How LiveU has defined the industry it once disrupted — and brought major media players along for the ride


In this weekly series, CNBC takes a look at companies that made the inaugural Disruptor 50 list, 10 years later.

In 2006, after attending a soccer game with a bulky, unimpressive production setup, LiveU founders Avi Cohen, Samuel Wasserman, and Rony Ohayon were inspired to create a product that would consolidate video production materials, making live video broadcasting a smoother and simpler process. 

In its first year, the Israel-based startup’s demo hardware, which was only half the size of a laptop, and claimed to reliably and cheaply deliver up to 2 MB per second, impressed investors. 

And so did their mission — to use existing cellular, Wi-Fi, and WiMAX signals to transmit live video and provide a more reliable and affordable alternative to television news satellite transmission trucks. 

LiveU launched at a crucial time, as both traditional broadcasters and online outlets provided a fast-growing demand for cellular-based live video transmission. Not only were television broadcasters being held to higher standards of both quality and turnaround time, but mass streaming services, like YouTube and (now Twitch), were gaining mainstream popularity, and creating a demand for online video consumption and livestreaming. That promise led to a combined $23 million in series A-C funding. 

And LiveU was ready to meet that demand. By 2012, due to its evolving technology, the company had become the go-to for many companies looking to uplink HD video while on the field, including BBC and NBC. That same year, the company raised another $27,000,000 in Series D funding.

This marked a turning point for the company, as it moved beyond its roots in hardware, specifically its 3G/4G LTE backpack that hooked up to a video camera to let a producer transmit high-quality video streams in real time, instead focusing on being a solutions-based company. 

One of these solutions was LiveU Solo, which allowed users to livestream from professional cameras directly onto platforms like YouTube Live and Facebook. 

But ultimately, LiveU made the greatest disruption within news broadcasting. 

While certainly improving stand-alone broadcasting events, like the soccer games that first inspired the company, LiveU’s technology helped bring “newsgathering into the internet age,” Ronen Artman, vice president of marketing at LiveU, described in a company blog post. 

LiveU’s technology allowed journalists and broadcasters to get close to the action – and stream it instantaneously.

ABC News President James Goldston, in a memo to staffers in 2014, directly accredited its evolution for news broadcasters to LiveU — “From the streets of Ferguson to the Pope’s daily mass, everyone at ABC News now has the ability, using the app LiveU on their mobile devices, to live stream what’s happening on the ground across our digital, broadcast, and Apple TV platforms at anytime from anywhere.”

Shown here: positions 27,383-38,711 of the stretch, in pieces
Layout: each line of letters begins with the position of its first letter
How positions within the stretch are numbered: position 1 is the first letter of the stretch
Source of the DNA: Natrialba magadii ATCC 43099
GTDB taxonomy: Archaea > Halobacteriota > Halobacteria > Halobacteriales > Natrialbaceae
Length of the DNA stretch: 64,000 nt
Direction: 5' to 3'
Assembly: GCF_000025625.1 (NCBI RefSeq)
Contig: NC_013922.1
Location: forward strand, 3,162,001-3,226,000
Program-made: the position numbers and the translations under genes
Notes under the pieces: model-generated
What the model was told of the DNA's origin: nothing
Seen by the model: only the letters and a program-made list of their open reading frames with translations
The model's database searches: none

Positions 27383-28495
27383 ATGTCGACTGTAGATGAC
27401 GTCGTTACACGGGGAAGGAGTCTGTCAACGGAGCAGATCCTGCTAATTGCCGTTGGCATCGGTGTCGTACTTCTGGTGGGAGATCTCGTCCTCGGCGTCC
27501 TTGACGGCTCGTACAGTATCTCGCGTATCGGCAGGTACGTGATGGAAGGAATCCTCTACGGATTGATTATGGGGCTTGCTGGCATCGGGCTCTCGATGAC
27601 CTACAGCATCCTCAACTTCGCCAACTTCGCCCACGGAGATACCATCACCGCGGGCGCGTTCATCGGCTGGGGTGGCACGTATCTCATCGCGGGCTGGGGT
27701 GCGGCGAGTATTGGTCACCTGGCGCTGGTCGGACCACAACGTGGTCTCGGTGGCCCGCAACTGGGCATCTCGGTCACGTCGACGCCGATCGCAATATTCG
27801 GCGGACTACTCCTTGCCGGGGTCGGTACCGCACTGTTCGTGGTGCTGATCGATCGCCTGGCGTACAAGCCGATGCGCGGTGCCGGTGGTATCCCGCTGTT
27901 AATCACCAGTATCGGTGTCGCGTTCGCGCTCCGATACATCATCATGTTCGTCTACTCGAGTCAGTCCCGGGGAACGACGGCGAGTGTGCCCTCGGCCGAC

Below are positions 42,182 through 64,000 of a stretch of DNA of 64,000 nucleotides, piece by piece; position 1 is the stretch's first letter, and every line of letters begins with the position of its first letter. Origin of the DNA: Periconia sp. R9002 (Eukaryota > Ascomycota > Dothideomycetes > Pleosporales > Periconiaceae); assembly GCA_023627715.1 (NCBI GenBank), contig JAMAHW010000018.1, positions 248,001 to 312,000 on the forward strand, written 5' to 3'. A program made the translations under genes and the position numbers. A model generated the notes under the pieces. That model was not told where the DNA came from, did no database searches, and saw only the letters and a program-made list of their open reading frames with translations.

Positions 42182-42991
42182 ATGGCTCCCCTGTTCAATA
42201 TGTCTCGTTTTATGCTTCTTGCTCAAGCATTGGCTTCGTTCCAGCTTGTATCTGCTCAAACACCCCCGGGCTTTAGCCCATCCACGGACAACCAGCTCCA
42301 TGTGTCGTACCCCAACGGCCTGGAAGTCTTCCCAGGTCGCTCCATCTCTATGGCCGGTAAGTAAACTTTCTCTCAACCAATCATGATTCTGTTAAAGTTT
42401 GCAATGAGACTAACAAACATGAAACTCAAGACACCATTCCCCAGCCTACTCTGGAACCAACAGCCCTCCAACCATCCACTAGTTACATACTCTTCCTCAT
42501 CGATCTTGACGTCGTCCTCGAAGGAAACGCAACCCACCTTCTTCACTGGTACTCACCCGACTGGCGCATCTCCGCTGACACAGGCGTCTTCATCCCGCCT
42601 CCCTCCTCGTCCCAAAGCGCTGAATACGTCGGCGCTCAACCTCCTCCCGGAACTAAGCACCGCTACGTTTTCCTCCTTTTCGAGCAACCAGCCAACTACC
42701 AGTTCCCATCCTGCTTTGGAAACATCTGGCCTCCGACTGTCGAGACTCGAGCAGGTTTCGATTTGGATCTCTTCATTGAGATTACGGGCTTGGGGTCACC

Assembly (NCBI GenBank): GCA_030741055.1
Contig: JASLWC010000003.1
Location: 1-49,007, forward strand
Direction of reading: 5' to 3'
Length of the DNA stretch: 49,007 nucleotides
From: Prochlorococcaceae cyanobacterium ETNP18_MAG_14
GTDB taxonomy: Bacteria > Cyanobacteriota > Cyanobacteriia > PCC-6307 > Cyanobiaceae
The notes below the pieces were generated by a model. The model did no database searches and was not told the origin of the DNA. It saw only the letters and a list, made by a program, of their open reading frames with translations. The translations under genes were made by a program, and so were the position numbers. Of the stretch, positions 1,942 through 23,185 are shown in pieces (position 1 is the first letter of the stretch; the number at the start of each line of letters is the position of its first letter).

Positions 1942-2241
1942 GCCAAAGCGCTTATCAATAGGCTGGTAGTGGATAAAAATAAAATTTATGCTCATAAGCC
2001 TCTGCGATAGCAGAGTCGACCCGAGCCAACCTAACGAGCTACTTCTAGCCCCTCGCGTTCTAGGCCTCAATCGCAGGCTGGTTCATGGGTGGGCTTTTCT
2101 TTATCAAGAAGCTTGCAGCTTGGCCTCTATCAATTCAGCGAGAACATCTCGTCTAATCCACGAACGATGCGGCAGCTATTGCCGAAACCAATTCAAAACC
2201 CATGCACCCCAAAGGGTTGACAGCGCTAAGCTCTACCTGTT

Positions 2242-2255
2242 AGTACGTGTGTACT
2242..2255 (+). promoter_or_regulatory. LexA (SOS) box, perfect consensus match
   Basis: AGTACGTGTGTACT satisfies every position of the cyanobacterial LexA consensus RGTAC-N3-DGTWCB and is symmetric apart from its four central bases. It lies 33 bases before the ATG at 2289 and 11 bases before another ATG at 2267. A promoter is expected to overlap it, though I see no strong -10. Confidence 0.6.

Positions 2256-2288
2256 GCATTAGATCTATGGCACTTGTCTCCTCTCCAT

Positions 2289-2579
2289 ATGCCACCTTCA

LiveU found a promising niche within political news, as networks increasingly relied on LiveU technology to broadcast elections globally, including the 2016 and 2020 U.S. elections. 

That growth helped put it in the spotlight for private equity firmIn 2019 Francisco Partners, a global technology-focused private equity firm, together with co-investor IGP Capital, acquired LiveU for $200 million. 

Then 25 months later in TK, LiveU was acquired by the Carlyle Group for $400 million. 

A near doubling of its valuation in less than two years pointed not only to the increased sophistication of its solutions but also to the surge in demand for live video content that continued to grow alongside the internet.

This demand was then dramatically intensified by the Covid-19 pandemic, as important events like weddings, graduations, and sporting events were forced to be attended virtually. And it was particularly those large, heavily trafficked, events that required new streaming sophistication. 

Because of this, LiveU’s new product evolutions have been focused on disrupting sports much like it did the broadcast news industry.

In 2020, during the Tokyo Olympic games, which were unable to have a live audience, LiveU allowed for a deeply intimate streaming experience, covering not only the main events, “but also letting viewers experience so many other moments – athletes’ reactions after the finish, fans watching outside the stadiums, coaches’ feedback in the locker rooms and the medal ceremonies,” according to CEO Samuel Wasserman. 

“With the growing demand for live content, our solutions help to build a bridge between the athletes and viewers worldwide, delivering the full sports experience,” he continued.  

LiveU clients now include global broadcasters and news agencies, as well as NASA, American Airlines and Amazon, with its products being behind the coverage of some of the most trafficked live broadcasted events, such as the U.S. Presidential Election, the FIFA World Cup, Winter and Summer Olympic Games, and the Super Bowl.

Earlier this year, LiveU set its ambitions on the cloud, launching a solution for automatic recording and metadata tagging of live video, further following the evolution of LiveU from a hardware alternative to satellite trucks to a end-to-end video contribution, production and distribution solution.

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This post has been syndicated from a third-party source. View the original article here.

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